For I think it concernes me to give all the Evidence I can of my Loyalty, at this time, when the Grand Accuser is so busy with his base Implements to traduce me; but because I am under a prosecution by the Government for the contrary, in submission to that, I shall say nothing of them; but do de­clare solmnly, that there is not a Man that lives upon English Ground that loves and honours His Majesty King William more than I doe, and let me Perish, if after the utmost Recollection of my Words and Actions, I know my self in the least Guilty of what is charg'd against me.

The occasion of this malicious Accusation is generaly known; Before I happen'd to disoblige the Person that set it on Foot, even in his Opi­nion, I was a very Honest, Loyal and Good Man, and used and treated by him, with all the Kindness and Respect imaginable by Letters and otherwise. Since, he has made it his perfect Study and Business to contrive my Ruine, and by Words and Writing, upon all occasions has declar'd as much; the Acti­ons of my Life almost to my Child-hood, have been examin'd into, and now after almost twenty Years, with Additions and Aggravations Falsely (as this whole Town knows) and Maliciously exposed in Print, and dispersed thro the Countrey, which shews the foul Rancour of an Inveterate Enemy, but not the Justice of a fair one, and nothing of a Loyal Subject, a Gentleman, or a Man, and of which notice shall be taken in due time, and in due form.


FAirest Britania Queen of Isles,
On whom Indulgent Nature smiles,
O're whom the Guardian Heavens wait,
To save thee from Impending Fate.
Appear, and all thy Native Charms put on,
NASSAW thy Great Deliverer is come,
And all thy Foes are hence in wild Confusion gon.
Well hast thou Scap'd their Violence,
And sav'd thy Innocence;
Strong their Designs, and Close, were laid
By those to have forc'd thee, and by these betray'd;
And forward steps were tow'rds thy ruin made.
What means to save thee, then were found?
Beset with danger round,
Thy faithful Sons, that should thee aid,
Were all disarm'd and bound:
[Page 2]Disarm'd of all but Prayers and Tears,
And those unequal to their fears.
But lo NASSAW, NASSAW by Heaven
To their Desponding suit is given.
Rise then Britania, raise thy Mournful Head,
Let all thy Sorrows with thy foes be fled;
Rise, and him thy humble Muse Address;
Th [...] rude her words and artless be her dress,
To mean to offer to his High Desert,
With true and well affected heart
The Pious HERO thank, that did thy Fate avert.
Let abler Pens to Fame Record
What Holland owes her Lord,
To him the Glory of her Fortune yeild,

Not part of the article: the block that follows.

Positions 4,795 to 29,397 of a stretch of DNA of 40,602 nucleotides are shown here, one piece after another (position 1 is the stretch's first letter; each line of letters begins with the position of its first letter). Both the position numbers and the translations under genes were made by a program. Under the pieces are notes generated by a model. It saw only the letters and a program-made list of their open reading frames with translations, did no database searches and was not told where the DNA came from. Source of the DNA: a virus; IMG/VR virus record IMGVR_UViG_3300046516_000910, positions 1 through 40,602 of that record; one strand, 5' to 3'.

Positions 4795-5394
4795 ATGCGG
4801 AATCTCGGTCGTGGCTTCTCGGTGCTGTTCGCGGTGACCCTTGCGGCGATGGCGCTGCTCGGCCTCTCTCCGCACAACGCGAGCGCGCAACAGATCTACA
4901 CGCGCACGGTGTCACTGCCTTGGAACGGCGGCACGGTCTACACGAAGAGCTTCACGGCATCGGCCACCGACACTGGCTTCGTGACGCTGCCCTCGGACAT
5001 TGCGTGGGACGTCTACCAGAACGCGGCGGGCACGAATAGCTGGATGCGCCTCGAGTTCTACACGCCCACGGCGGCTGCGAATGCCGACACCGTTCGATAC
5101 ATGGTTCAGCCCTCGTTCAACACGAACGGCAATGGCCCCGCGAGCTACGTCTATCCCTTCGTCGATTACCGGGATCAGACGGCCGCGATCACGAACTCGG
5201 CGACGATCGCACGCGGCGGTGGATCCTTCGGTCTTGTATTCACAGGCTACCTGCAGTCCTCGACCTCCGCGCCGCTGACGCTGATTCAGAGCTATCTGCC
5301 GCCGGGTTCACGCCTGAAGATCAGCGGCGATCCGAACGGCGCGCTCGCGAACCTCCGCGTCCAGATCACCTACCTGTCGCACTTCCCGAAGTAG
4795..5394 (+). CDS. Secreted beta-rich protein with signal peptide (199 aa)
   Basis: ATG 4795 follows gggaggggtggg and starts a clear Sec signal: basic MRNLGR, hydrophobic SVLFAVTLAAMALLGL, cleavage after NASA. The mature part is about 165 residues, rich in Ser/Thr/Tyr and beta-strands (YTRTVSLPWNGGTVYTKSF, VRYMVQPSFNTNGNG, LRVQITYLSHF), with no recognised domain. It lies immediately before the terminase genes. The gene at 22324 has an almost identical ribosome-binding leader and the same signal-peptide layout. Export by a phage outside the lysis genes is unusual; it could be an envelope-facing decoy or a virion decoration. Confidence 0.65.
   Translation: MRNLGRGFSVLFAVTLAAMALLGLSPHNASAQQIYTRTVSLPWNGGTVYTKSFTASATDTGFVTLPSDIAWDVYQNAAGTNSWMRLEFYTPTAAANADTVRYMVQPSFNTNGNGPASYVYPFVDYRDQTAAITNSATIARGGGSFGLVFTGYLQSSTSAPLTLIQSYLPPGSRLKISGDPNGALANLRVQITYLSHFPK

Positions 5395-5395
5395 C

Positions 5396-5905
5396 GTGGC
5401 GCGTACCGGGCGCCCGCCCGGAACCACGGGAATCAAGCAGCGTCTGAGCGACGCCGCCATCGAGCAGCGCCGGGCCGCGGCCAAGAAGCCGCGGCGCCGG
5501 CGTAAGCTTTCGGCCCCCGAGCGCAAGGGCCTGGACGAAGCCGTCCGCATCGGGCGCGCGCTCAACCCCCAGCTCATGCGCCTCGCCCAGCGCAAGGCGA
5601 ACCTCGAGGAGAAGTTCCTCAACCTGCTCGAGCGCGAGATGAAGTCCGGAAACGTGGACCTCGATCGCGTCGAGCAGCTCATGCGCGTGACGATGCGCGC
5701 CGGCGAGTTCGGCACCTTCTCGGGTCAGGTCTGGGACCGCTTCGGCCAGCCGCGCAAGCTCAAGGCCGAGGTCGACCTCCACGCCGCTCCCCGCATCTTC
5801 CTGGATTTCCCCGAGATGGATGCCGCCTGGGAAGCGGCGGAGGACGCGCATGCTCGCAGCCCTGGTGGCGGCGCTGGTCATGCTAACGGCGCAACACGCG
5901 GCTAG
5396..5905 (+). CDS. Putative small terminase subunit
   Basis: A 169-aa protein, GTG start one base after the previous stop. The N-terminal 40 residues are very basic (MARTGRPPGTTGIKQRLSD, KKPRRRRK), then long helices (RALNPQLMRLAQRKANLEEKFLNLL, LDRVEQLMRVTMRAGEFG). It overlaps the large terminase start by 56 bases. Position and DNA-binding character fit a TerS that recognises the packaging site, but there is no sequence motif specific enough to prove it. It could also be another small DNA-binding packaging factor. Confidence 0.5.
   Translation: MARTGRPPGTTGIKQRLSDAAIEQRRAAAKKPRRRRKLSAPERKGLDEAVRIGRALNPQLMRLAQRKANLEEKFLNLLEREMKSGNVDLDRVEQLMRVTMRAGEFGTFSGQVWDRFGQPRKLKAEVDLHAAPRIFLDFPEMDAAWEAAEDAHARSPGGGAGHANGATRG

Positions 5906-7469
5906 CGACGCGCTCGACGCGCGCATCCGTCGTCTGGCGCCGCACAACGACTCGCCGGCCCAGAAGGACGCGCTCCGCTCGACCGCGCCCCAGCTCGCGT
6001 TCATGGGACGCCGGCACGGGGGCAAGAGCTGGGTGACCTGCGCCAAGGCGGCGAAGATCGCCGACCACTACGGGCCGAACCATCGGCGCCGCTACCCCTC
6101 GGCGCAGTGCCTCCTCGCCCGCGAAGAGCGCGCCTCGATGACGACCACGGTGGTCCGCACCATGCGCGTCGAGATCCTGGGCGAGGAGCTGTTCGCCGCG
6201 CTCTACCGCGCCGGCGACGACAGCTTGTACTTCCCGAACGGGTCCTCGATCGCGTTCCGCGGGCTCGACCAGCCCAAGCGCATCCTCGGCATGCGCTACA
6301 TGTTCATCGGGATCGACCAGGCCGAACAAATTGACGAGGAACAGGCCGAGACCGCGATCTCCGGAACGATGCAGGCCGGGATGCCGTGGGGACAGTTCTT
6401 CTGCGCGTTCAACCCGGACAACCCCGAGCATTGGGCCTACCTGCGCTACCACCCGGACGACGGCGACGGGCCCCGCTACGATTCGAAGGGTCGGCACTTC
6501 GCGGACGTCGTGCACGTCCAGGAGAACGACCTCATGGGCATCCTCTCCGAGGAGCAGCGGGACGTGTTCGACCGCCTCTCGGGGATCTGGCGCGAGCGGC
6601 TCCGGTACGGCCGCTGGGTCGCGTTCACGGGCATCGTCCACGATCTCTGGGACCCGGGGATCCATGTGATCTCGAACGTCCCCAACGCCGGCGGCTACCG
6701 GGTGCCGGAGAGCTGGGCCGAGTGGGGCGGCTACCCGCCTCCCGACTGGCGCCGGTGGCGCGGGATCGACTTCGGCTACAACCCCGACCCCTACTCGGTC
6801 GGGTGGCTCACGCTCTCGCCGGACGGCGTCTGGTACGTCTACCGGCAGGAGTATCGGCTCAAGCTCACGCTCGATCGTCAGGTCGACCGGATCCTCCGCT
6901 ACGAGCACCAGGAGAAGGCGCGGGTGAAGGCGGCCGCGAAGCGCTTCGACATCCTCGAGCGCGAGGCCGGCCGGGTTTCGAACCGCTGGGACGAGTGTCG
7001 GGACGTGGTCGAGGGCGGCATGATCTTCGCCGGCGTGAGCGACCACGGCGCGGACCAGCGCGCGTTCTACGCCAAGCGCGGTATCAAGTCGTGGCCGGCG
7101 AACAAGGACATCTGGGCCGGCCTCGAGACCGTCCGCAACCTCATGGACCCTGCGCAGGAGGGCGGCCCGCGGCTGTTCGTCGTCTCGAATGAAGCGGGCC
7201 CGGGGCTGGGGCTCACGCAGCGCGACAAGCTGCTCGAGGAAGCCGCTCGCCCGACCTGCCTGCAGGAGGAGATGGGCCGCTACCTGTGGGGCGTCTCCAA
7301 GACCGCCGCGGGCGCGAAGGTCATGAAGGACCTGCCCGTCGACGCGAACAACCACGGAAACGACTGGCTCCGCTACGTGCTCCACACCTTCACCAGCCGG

His Councils in the State, his Valour in the Field:
How he Intestine feuds to concord brought,
How at Seneffe, and how at Mons he Fought,
Where in the Youth, such Martial Force and Fire
Made Luxemburgh, and all the World, admire,
And which a Muse to Sing, would equal Flame require.
Whilst thine Attempts in humbler strains to shew,
The Gratitude, these rescued Nations owe,
To God, Great Prince and You,
Is our Deliverance due.
O, may never be
Ras'd from our Memory,
The Benefits we owe to God and Thee.
[Page 3]Hail Sacred Champion of our Churches Cause!
Hail True Defender of our Faith and Laws!
Joy of our Hearts, and Comfort of our Sight;
Romes Terror, and the Protestants delight:
And were the World reform'd of one pure mind,
Woulds't be like Titus, Joy of Human kinde.
Thee all the Land doth bless, for Thee rejoyce,
And the United Peoples Sacred Voice,
Proclaimes, that God Anoints Thee as his Choice.
Our Moses Thou, that under Heavens high Hand
From more than Egipts vile Idolatry,
And worse than Brick-kil Slavery,
Leads't forth the Chosen Race to their Eorefathers Land.
Whether thy Courage, or thy Wisdom, may
Be more admir'd is hard to say:
'Twas bold and brave to land our Coasts,
And, with so few, thy self t' expose
Against unequal standing foes,
'Gainst Garrisons, and Forts, and Mercenary Hosts.
'Twas bold and brave; but the Success
Shews that thy Wisdom was not less;
The one, unless by t'other rein'd,
Does headlong to it's ruine run,
The Glory does but blaze, and straight 'tis done.
So Princes, unrestrain'd,
By Laws or Conduct have been known.
Fir'd with Ambitious Aime
To do great things, and get a Name,
In furious hast to mount a Throne;
[Page 4]But weighing not the Art and Force,
Requir'd to carry on their Course,
After some bluster and some Fury shewn,
In as great haft from thence have tumbled down.
So the Boutefeu Phaeton
Hasty for Government,
Unskil'd and feeble for the vast Attempt,
Mounted the Charriot of the Sun:
And scorning reasons mild Controul,
The unexperienc'd Charriotier,
In his Careere,
Drove blazing ruine on from Pole to Pole;
The Signes were frighted at the Carrs return,
And the freez'd Zones wonder'd what made them burn;
The Zodiack was no Barrier found,
He leap'd the Tropics, and the Eccliptic Bound,
And fir'd the Orbs around;
And thence, with rapid fury, hurl'd
Destruction o're this World:
"Till Angry Jove, did dreadful Thunder throw,
"And quench'd the hot Brain'd Fiery Youth in Po.
But Phaebus well the Giddy Seat maintains,
He knows the menage of the reins;
Phaebus collects the scatter'd ray,
And forms again the day,
Which shall henceforth observe the Establish'd Course,
With just and natural force;
And his kind Beams dispence
With Universal influence.
The great Progenitors of NASSAW,
Smile at their Glorious Offspring here below;
Thou worthy Cion of that noble Stem!
Th' Imperial Diadem
Adorn'd with meaner Honour them,
Than thy Heroic Vertues now
Have justly planted on thy Brow;
Nor can the Crown th' Almighty there has set,
Bring new honour on with it;
But that by Thee does Shine more bright,